For The Children Weekly Column

Oklahoma Makes Progress on Family Leave, More Needs to be Done


Contact: Joe Dorman, CEO – Oklahoma Institute for Child Advocacy

Telephone: (405) 833-1117


OKLAHOMA CITY – First, we at OICA wish all you a happy Thanksgiving holiday. This is an important time for families, and we wish the best to you and yours.

The United States is the only industrialized nation without a paid leave policy. I spent the better part of last week at a conference hosted by the Prenatal-to-3 Policy Impact Center looking at Paid Family Leave laws across the states.

OICA had supported such a policy last session in Oklahoma, SB 16X authored by Sen. Jessica Garvin, R-Duncan and Rep. Nick Archer, R-Elk City, which gave six weeks of paid maternity leave to full-time employees of the state, after the birth or adoption of a child.

Additionally, as part of the budget agreement for education, a similar paid leave was implemented for Oklahoma public school educators. Three states—Oklahoma, Tennessee, and South Carolina—have enacted new laws in this area. Chicago public schools, the nation’s fourth-largest school system, recently implemented this type of paid leave also.

This was a huge step forward for Oklahoma, and it is following national trends. In fact, 13 states and the District of Columbia have implemented paid family leave laws statewide for both the public and private sector, with some exceptions carved out. Nine are fully implemented and five others will begin in 2026. In total, 34 states introduced some form of this law, so Oklahoma successfully joined 10 other states enacting legislation to aid workers.

Research shows that access to paid parental leave can lead to improved health outcomes for both infants and mothers, especially in areas where Oklahoma is lagging. Increased leave can help alleviate these disturbing statistics:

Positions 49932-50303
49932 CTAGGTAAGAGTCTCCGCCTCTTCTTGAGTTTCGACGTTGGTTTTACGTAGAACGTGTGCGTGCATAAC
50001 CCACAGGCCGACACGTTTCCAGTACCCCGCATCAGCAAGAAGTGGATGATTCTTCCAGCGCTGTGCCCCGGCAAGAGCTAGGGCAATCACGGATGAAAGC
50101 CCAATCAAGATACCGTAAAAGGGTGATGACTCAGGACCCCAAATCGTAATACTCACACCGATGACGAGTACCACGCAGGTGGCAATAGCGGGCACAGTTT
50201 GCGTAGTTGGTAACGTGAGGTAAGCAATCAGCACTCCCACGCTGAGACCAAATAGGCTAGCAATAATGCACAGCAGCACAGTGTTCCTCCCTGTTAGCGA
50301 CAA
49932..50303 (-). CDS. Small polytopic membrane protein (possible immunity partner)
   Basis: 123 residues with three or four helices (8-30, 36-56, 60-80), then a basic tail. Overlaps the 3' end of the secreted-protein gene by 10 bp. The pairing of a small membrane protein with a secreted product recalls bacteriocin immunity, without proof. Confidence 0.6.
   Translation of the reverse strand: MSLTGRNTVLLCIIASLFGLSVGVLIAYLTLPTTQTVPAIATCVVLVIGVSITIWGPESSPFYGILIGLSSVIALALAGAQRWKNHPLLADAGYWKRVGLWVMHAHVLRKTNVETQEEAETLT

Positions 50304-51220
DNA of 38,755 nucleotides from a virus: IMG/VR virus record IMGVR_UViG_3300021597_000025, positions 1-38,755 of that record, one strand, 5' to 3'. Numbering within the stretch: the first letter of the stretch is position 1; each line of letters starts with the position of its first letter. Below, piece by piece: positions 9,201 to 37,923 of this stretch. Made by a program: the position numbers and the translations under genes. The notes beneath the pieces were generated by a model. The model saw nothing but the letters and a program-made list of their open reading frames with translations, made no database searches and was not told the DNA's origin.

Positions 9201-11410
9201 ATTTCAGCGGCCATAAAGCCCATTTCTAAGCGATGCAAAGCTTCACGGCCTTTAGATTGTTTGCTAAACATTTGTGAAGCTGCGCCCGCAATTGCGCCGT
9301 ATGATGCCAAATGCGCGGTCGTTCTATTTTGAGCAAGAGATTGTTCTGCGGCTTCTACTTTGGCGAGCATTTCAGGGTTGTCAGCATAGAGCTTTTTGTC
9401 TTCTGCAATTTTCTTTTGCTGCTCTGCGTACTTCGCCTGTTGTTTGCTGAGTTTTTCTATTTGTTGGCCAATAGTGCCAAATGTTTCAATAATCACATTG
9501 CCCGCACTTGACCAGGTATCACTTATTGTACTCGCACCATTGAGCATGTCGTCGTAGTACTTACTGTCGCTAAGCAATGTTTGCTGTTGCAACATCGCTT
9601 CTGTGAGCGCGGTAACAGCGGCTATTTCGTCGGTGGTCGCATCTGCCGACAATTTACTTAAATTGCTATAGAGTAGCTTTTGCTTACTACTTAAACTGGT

• Our state has 7.1 infant deaths per 1,000 births.
  • Oklahoma ranks worst in the nation with 73.2% of children under the age of 3 not ready to read, which leads to falling behind once they enter school.
  • 23.5% of Oklahoma’s children under the age of three live in poverty.
  • Oklahoma is the worst state in the nation for eligible families with children under 18 not receiving SNAP assistance.

Policymakers hope parental leave policies will be a job recruitment and retention tool, as school districts and state agencies report struggling to fill too many state job vacancies. Oklahoma currently has nearly 31,500 state employees, and over 59% are women; overall, more than 40% of the state’s workforce are of the age to have children.

State employee turnover costs Oklahoma taxpayers $110 million a year, and most of those leaving are women according to information presented at the conference. Additionally, the profession of teaching is predominately made up of women, many of whom are in their childbearing years.

The conference was made up of delegates from several states and was bipartisan in nature. The resources and information shared was highly informative, providing insight about why retention has been such a struggle and what can be done to help educate lawmakers about the benefits of parental leave, including stronger employee retention and greater health support for the infant.

At the federal level, U.S. Rep. Stephanie Bice of Oklahoma is part of a bipartisan group of six lawmakers trying to get paid family leave implemented. Nationally, 63% of families with children have both parents working outside the home. I was honored to visit with her about this topic over the weekend and OICA looks forward to assisting with her effort in Oklahoma and beyond.